In 1900, when the Memorial of Heroic Deeds was opened in Postman's Park in London to commemorate people whose selfless actions saved the lives of others, it incorporated a tablet inscribed to Mrs Rogers, In 1908, the committee of the new Liverpool Anglican Cathedral included her in a group of 21 notable women depicted in the staircase window in the Lady Chapel. Mary Ann Rogers lost her life in the course of her duty, however, her last moments are likely to be embroidered.
The outbreak of WWI in 1914 saw the loss of men from many industries as they signed up for the forces. Women were the only available workforce to replace those men who had left. In the railways there was much objection to women in all roles on the railway. This centered on a number of reasons; 1) women were deemed to be mentally and physically incapable of undertaking the types of work found on the railway. 2) women had been forced to accept lower wages than men for years. Now women became men's competition for jobs and if they continued to be paid lower wages women would be hired over men. However, it was never suggested that women should be given equal pay as they could not do the job as efficiently and therefore should not be paid the same. 3) There was worry for railwaymen who had joined the forces not having jobs on returning from the war. This caused the unions to make the railway companies agree that women in male jobs were only temporary and they would give up the job when the war ended.
The bar against women being appointed to male roles was lifted in 1915. Women were employed in a variety of jobs on the railways during WWI that included both 'female' and 'male' work. These roles were ticket collectors, carriage cleaners, engine cleaners, goods handlers, guards, porters, police, workshop workers, clerical, catering, shipping staff, gatewomen, communications, signalwomen, crossing keepers, ladies attendants and Station Mistresses.
Fashion on the Railway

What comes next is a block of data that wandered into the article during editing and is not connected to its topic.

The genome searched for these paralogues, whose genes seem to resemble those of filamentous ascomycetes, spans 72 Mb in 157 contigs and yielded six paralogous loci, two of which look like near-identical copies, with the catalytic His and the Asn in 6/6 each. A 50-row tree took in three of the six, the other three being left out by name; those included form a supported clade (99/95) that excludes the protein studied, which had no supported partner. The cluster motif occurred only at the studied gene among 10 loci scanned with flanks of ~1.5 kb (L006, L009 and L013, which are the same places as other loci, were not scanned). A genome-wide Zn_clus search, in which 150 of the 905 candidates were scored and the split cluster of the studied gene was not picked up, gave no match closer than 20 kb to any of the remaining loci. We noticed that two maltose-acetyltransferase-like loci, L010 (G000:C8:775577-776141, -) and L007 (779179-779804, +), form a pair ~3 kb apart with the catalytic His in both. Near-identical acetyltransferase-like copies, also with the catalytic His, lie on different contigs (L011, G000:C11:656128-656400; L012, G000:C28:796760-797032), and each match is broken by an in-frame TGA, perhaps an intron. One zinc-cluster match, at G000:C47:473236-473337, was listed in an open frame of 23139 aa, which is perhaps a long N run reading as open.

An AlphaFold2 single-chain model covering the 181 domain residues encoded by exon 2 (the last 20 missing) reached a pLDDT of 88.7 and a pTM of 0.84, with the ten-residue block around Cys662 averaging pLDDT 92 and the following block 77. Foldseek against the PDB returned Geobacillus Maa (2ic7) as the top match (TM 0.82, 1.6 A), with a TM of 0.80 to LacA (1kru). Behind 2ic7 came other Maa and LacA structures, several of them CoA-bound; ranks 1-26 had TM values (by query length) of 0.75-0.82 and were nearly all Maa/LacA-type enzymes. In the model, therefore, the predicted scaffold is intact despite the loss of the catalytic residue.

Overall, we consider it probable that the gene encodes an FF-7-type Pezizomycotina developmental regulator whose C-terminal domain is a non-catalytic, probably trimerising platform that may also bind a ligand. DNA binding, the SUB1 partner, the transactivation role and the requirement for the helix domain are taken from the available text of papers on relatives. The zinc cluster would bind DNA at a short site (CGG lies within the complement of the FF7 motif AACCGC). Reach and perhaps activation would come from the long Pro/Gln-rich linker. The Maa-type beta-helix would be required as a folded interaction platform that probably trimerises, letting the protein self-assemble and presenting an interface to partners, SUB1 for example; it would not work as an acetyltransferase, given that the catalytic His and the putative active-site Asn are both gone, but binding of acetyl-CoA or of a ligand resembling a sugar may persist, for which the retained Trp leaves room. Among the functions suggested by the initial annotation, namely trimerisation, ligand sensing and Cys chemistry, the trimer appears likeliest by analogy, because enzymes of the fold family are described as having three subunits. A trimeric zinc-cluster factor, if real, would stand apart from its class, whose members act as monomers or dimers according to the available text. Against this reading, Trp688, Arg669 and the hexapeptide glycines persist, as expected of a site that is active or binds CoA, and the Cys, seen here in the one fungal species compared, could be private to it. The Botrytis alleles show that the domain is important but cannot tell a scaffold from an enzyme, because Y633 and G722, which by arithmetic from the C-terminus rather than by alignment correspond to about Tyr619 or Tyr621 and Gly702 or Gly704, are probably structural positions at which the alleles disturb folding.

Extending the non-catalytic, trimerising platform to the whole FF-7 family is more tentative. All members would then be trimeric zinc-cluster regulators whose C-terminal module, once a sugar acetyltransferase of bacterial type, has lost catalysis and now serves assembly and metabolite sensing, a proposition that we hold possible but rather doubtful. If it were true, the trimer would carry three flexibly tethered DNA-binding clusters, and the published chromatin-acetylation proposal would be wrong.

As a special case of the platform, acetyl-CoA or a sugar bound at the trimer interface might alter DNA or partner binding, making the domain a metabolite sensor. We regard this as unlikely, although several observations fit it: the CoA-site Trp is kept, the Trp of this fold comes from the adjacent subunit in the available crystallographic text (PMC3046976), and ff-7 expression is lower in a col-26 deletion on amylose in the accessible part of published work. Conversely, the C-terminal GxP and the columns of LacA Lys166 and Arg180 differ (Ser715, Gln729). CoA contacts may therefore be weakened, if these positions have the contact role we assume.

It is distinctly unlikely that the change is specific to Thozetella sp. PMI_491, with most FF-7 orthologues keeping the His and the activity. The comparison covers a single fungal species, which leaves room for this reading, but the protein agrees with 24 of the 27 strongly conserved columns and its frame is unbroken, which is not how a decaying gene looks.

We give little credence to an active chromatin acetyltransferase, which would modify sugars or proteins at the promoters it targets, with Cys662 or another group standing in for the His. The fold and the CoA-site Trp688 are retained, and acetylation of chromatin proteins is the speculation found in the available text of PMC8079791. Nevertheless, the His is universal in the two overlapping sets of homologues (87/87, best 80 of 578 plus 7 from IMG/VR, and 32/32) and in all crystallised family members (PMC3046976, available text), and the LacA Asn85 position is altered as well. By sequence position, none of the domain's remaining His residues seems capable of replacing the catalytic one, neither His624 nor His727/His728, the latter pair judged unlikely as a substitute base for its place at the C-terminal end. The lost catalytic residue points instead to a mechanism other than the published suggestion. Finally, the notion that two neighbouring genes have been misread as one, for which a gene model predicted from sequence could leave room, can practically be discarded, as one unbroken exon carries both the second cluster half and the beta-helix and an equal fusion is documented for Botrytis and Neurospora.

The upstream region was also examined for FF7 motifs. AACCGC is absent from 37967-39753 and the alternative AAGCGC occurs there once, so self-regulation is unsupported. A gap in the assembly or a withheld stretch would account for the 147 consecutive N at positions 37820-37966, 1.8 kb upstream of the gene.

Before the war women had never worn trousers in public. Even carriage cleaners were expected to wear long skirts and corsets. This made the job very dangerous as they were expected to climb ladders. Women at Wimbledon Park, on the LSWR were the first carriage cleaners to tackle this issue. They loosened their corsets and shortened their skirts and eventually donned male breeches. This quickly became widespread across the railways and was soon officially approved. In every role on the railway women were expected to keep to the female dress code and soon women were adapting their clothing for their new jobs.
Women during WWI proved themselves and to others that they were capable of performing 'men's work'. Railway companies were impressed by women's success in their roles. By mid-1918 65,887 women were employed on the railway. Women had accumulated specialised knowledge and experience by the end of the war. Their way of thinking had changed and the pre-war life held little charm for most. However, they were expected to surrender their jobs to the men they had replaced and then to any returning serviceman. Many returned to traditional female jobs, while those who stayed on in the railways experienced increased hostility. Many women were made unemployed based only on them being women. In many cases these women had dependents and no longer had a male breadwinner.
This is a brief overview of a large period of history and does not go into detail about all the struggles faced by women working on the railways in this period. These women proved that they were just as capable as men to work on the railways. Many women at the end of the war stayed working on the railways but they were restricted to 'female' roles except for those working as crossing-keepers. The barriers that these women had broken down during WWI meant that at the outbreak of WWII railway companies had less objections to women taking up male roles. Many of the working conditions had been improved for women, and restrictions on their working lives were a little less strict.
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Thanks for reading!
Note - picture above is taken from Women's War Work, Anonymous, Great Britain. War Office. Bibliolife.